“There is no New Zealand equivalent of that weird word ‘un-Australian’.” (Photo: Getty Images)
03 October 2015
Adam Dudding – Canberra Times
We Kiwis like Australians for many reasons. We popped over for higher wages and sunshine, and three-quarters of a million of us forgot to come home. We like your beaches and shops and trams when we visit for the weekend. We think your wine isn’t bad, we watch some of your movies (The Matrix is Australian, right?), and read your novels more than you read ours (which makes us a feel a bit miffed, actually).
We have Australian employers, employees, spouses, cousins and half-siblings, and in lieu of meaningful conversation we will pretend to argue with them about who invented the pavlova and whether putting a beetroot and an egg in a burger makes it uniquely Australian or uniquely New Zealandy. We say, hilariously, that you can have Russell Crowe! Quade Cooper! Sir Joh Bjelke-Petersen! Keith Urban when he’s off the wagon! Crowded House’s lesser albums! Such fun. It’s our special relationship.
But we also like you because you make us feel good about ourselves by comparison. Justly or otherwise New Zealanders think we’re a bit like Australians only a bit less sexist, a bit less racist, a bit less historically genocidal, a bit less obstreperous on the piss, a bit more genteel.
Like you we grow hysterical on matters of sport, but in general we’re a tad less jingoistic: there is no New Zealand equivalent of that weird word “un-Australian” (which I can never hear without thinking of McCarthy’s House Un-American Activities Committee). You won’t see us wrapping the flag around ourselves on our national day, and in fact many of us want a new one featuring a kiwi with laser beams coming from its eyes.
Or maybe this… the Christmas Island Detention Centre. (Photo: Getty Images)
In moments of candour we may admit we’re a little more boring and uptight than youse, but that’s seems a small price for a lifetime of quiet smugness.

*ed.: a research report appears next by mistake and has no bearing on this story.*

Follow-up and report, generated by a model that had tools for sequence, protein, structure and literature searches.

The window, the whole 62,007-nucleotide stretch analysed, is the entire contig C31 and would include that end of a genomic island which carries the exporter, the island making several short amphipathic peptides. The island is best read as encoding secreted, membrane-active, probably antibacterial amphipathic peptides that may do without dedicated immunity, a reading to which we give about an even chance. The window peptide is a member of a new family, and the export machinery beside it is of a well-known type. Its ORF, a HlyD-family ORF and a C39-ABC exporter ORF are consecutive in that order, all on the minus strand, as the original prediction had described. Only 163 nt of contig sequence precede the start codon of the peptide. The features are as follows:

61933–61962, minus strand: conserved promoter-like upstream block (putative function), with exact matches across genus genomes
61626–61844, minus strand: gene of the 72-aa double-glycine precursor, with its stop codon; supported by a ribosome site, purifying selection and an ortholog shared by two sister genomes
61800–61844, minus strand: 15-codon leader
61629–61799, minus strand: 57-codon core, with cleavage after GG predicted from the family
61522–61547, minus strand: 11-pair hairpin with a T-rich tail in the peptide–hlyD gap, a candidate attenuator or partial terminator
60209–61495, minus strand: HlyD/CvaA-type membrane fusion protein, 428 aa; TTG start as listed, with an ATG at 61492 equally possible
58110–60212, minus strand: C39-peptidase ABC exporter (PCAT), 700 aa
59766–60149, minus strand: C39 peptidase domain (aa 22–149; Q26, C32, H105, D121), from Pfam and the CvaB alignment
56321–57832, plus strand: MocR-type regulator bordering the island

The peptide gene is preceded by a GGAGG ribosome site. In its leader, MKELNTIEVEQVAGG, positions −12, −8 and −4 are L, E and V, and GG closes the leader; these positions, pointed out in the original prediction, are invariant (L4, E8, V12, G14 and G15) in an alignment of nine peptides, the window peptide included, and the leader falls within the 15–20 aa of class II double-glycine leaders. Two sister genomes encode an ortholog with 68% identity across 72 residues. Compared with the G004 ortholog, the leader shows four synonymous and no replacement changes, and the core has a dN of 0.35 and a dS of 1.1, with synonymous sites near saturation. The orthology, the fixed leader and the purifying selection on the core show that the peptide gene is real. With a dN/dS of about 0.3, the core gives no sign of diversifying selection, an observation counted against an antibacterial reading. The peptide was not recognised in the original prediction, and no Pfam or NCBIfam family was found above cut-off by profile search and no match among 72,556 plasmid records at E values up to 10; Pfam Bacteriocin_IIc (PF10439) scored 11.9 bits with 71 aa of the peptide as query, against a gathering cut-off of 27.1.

We get particularly smug when we hear how Australia deals with would-be refugees and immigrants. When John Howard kicked off his thuggish “Pacific Solution” in 2001 by turning away the Tampa and its cargo of luckless refugees heading for the lucky country, our PM of the day, Helen Clark, put her hand up and invited 150 of them to come and live with us. They, and their relatives who joined are doing fine, thanks.
Mostly, though, we’ve had no skin in the game. Sheer geography means we don’t have to worry about how humane we’d be if tens of thousands arrived at our border. We’ve simply watched and winced as we hear about suicides and sexual assaults and squalor and riots in the offshore detention centres of Nauru and Christmas Island and Manus Island.
Now, though, it’s different. Cruel new immigration laws mean thousands of New Zealand-born, Australian-bred people with (mainly minor) criminal records face deportation back here, a place some of them haven’t seen since they were toddlers, and 200-odd are already in a holding pattern in your offshore hellholes.
Perhaps we Kiwis could have been louder, earlier, in our condemnation of Australia’s increasingly dubious human rights record. Since we’ve learnt about the Kiwis of Christmas Island, our complaints may look like self-interest. But better late than never and now you know: We think this sucks.
It would be untrue to suggest New Zealanders are taking to the streets to demand protection of the rights of a few hundred semi-Australian minor criminals. And in the darker corners of the internet (ie, the comment sections of our right-wing political blogs) there is little sympathy: “We have got enough trash in this country already without getting back the ones we managed to get rid of,” as one charmer put it.
But by and large we’re appalled. We think you shouldn’t treat anyone like this, but especially not your cousins across the ditch. We figure it’s a bit rich that this is happening in a country so proud of its foundation myth of plucky ex-convicts making good in a place where they could finally get a “fair go”. We’re not sure how we’ve offended you enough to make you slowly dismantle the systems that once made us feel right at home, from automatic residency to a widening range of social services. And now free trips in handcuffs to Christmas Island? I’m still not quite sure what the word means, but is this, by any chance, a bit un-Australian?
Adam Dudding is a senior reporter in Auckland for Fairfax NZ, which is owned by, ahem, Australians.
[The Canberra Times article is paywalled].